Tagged With google

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Everywhere you turn, someone is handing out advice about account security and privacy. And while it never hurts to be reminded about all the ways you can protect your critical data, have you stopped to wonder whether any of the various security measures you’re taking are actually effective?

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Emojis add a little personality to your messages and social media posts, and there are so many of them to pick from that they’re practically their own language at this point. Even then, sometimes you’ll find that there isn’t one that quite fits what you’re trying to say.

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When Google Chrome starts blocking your downloads in a few months, know that it’s nothing personal; the browser is just doing its best to keep you safe. You should also know that Chrome isn’t flawless, and you should still be running regular antivirus and antimalware scans—and avoiding shitty websites and their malware.

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Our smartphones can display tons of information and provide helpful shortcuts even when they’re locked, and Google Assistant’s Ambient Mode is worth trying out. It allows you to use several of your phone’s best features without having to unlock it, saving you precious time and the annoyance of fumbling around with your finger to authenticate into your device.

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Internet ads are so invasive that we can’t blame you for thinking that Facebook is listening to you talk. It’s probably not, but it is helping ad networks track you across the internet and across your apps. In 2018, tech public policy expert Chris Yiu tweeted 14 different ways that ads follow you around the internet, even when you’re logged out, in incognito, using a different browser, or on a new device.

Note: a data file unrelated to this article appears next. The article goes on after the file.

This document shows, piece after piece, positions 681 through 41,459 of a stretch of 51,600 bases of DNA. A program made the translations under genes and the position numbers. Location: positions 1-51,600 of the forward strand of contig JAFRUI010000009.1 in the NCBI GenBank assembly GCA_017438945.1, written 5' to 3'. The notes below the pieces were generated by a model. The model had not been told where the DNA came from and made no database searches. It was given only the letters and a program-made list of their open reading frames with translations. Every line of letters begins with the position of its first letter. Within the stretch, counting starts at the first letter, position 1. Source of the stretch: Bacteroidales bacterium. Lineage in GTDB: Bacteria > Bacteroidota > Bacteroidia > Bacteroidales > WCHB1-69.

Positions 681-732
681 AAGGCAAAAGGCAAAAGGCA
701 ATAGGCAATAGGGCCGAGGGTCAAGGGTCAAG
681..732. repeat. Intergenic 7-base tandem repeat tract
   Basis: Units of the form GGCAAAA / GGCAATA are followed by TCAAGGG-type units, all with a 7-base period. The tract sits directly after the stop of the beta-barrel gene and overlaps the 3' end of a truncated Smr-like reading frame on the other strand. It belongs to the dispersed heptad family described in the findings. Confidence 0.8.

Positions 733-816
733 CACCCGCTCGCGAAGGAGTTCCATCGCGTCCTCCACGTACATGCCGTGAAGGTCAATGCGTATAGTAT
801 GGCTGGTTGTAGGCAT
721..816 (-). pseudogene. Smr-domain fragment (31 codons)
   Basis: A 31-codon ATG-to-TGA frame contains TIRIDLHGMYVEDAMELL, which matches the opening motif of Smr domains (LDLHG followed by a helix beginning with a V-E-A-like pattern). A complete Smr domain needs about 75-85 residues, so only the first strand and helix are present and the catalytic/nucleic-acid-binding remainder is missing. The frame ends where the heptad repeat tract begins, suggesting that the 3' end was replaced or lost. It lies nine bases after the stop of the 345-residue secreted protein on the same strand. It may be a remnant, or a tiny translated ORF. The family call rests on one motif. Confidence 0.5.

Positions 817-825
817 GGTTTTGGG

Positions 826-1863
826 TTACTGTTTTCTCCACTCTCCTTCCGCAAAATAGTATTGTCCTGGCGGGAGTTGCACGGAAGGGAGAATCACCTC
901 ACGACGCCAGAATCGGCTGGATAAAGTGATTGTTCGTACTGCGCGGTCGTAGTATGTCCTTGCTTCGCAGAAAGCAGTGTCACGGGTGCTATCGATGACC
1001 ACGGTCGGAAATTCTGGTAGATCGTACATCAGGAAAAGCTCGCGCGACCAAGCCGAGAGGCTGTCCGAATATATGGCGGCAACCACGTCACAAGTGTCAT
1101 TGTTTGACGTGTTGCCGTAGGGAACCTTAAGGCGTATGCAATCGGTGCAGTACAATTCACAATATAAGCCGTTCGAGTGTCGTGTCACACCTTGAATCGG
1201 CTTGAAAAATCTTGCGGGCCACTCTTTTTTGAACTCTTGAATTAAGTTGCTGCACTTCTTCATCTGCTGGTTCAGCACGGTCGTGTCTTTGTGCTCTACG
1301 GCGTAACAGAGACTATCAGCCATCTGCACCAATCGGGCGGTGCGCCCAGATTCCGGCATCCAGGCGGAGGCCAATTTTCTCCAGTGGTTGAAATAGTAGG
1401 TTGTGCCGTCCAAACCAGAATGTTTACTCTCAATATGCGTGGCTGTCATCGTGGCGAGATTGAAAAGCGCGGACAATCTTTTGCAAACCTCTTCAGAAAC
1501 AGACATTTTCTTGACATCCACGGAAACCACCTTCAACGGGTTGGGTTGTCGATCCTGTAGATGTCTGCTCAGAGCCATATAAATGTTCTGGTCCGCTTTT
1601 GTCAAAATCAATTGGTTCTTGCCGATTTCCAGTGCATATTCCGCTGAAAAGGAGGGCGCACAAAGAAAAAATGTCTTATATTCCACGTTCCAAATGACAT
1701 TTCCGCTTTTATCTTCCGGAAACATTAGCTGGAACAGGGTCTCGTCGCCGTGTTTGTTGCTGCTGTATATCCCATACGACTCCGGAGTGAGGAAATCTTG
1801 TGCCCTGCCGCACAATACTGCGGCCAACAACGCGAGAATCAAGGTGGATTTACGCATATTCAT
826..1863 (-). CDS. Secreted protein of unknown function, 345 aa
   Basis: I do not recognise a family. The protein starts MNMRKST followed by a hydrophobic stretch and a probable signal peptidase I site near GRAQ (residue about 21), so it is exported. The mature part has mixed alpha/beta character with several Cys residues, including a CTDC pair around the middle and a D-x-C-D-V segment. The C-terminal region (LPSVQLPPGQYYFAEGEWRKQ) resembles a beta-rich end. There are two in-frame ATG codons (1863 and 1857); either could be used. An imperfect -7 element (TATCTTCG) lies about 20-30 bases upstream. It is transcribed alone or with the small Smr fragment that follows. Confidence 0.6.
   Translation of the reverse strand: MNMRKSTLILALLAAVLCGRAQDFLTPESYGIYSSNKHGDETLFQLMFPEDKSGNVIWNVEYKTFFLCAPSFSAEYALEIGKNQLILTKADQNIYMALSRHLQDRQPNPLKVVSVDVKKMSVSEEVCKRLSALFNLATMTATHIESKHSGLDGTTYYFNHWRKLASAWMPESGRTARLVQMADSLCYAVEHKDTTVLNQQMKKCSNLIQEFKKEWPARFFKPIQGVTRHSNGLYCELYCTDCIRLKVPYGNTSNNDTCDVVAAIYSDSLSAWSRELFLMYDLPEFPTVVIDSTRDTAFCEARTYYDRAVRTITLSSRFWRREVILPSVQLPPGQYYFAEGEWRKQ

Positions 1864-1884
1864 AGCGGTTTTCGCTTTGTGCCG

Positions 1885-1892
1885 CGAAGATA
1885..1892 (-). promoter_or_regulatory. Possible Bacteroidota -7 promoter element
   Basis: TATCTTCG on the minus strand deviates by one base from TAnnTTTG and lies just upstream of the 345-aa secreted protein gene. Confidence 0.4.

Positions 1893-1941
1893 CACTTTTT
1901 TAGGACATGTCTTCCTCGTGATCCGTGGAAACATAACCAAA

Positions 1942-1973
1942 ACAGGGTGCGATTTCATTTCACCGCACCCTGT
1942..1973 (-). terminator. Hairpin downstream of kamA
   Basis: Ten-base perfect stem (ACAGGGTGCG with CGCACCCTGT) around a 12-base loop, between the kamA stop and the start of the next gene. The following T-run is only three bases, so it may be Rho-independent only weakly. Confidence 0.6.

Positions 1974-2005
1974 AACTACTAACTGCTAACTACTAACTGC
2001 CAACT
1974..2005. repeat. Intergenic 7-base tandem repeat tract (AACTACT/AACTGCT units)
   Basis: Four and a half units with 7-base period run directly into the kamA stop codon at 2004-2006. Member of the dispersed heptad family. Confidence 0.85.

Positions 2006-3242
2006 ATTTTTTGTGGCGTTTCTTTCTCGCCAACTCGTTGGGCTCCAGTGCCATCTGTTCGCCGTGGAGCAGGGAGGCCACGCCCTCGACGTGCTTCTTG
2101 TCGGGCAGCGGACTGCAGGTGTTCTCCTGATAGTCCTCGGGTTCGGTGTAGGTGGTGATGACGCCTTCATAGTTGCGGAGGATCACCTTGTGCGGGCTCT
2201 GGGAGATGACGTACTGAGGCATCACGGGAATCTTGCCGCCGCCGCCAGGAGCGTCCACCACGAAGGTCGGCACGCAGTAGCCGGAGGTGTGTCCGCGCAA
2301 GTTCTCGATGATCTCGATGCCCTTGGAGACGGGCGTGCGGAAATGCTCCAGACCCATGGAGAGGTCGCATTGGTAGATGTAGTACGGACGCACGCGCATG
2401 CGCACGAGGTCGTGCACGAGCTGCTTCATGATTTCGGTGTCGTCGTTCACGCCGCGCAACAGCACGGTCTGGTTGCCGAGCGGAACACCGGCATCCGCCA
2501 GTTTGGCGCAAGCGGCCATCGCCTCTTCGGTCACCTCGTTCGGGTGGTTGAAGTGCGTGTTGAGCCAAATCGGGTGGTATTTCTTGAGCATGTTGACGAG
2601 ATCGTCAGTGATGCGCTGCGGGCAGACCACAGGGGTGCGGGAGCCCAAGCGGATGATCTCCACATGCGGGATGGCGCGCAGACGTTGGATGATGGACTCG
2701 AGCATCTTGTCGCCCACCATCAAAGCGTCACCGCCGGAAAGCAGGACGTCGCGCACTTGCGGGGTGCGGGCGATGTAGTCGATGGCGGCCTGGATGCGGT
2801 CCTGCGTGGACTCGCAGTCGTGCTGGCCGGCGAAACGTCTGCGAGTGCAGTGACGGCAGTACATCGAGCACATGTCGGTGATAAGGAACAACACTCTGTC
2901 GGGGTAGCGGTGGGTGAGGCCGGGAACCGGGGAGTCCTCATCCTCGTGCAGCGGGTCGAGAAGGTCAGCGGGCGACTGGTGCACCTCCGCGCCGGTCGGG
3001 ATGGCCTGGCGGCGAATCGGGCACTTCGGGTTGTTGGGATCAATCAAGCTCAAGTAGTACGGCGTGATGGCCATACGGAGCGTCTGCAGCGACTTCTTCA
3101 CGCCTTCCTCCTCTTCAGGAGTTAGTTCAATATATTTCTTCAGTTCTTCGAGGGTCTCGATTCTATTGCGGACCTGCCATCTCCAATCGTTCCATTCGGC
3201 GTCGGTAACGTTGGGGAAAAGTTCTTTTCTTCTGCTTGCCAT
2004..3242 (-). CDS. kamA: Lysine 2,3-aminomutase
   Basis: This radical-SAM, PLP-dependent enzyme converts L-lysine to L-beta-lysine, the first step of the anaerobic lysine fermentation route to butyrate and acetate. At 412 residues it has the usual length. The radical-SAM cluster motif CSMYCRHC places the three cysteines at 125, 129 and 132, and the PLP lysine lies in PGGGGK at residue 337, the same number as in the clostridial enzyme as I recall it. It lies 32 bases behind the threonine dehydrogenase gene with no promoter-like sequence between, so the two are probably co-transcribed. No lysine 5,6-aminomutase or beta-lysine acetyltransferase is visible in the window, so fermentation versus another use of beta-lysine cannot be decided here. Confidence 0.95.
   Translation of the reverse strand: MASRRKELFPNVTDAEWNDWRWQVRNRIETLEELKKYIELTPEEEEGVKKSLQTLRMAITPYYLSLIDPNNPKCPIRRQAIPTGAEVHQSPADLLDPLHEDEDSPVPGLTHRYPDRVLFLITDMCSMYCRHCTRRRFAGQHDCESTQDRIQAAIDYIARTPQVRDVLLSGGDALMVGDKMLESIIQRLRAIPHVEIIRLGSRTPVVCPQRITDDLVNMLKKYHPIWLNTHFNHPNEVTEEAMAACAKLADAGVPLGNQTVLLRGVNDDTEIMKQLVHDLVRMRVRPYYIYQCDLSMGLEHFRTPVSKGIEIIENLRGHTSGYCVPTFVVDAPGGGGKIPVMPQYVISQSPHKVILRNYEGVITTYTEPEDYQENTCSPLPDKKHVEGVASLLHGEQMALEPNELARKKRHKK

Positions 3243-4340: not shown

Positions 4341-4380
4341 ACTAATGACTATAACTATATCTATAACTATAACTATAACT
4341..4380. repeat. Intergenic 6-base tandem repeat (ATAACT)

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There are many ways to update an Android phone. Most people probably wait for the latest patches to arrive and let their phones run the update automatically. This is the most convenient option, but it’s also the slowest, since it depends on your carrier to roll the update out to you. There are ways to get updates faster—like sideloading new updates yourself—but these can be intimidating and confusing for people who don’t want to mess around with extra software or system-level operations.

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Apple’s has redesigned the mobile version of iCloud, and if you live in a divided house—Android and iOS/iPadOS devices living in perfect harmony—you should check out the new website, especially if you’re on an Android smartphone or tablet. In fact, you might even go so far as to install it on your device as a progressive web app (PWA), for easier access.

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Chrome 80 dropped yesterday, and the usual advice applies. If your desktop browser hasn’t already updated itself, or you aren’t sure, go visit its “About Google Chrome” page either by clicking on the triple-dot icon in the upper-right corner of your Windows browser or the “Chrome” menu of your Mac browser.

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As an iPhone user with a Gmail address, I’m envious of all the Android owners who get to use dark mode in their Gmail apps. While Google claims such magic is available on iOS, I’ve never seen the option—and I’m not alone. So I’m enjoying a little schadenfreude at recent reports that dark mode has up and disappeared in some instances of the Gmail app on Android.

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RCS messaging is here—thanks, Google—but there’s still a chance that you can’t flip the switch on it because, again, Google. Yes, it’s another feature rollout, which means you’ll be staring at your phone for some unknown amount of time, hoping it reveals to you the setting you can use to turn on something that sounds really awesome on paper.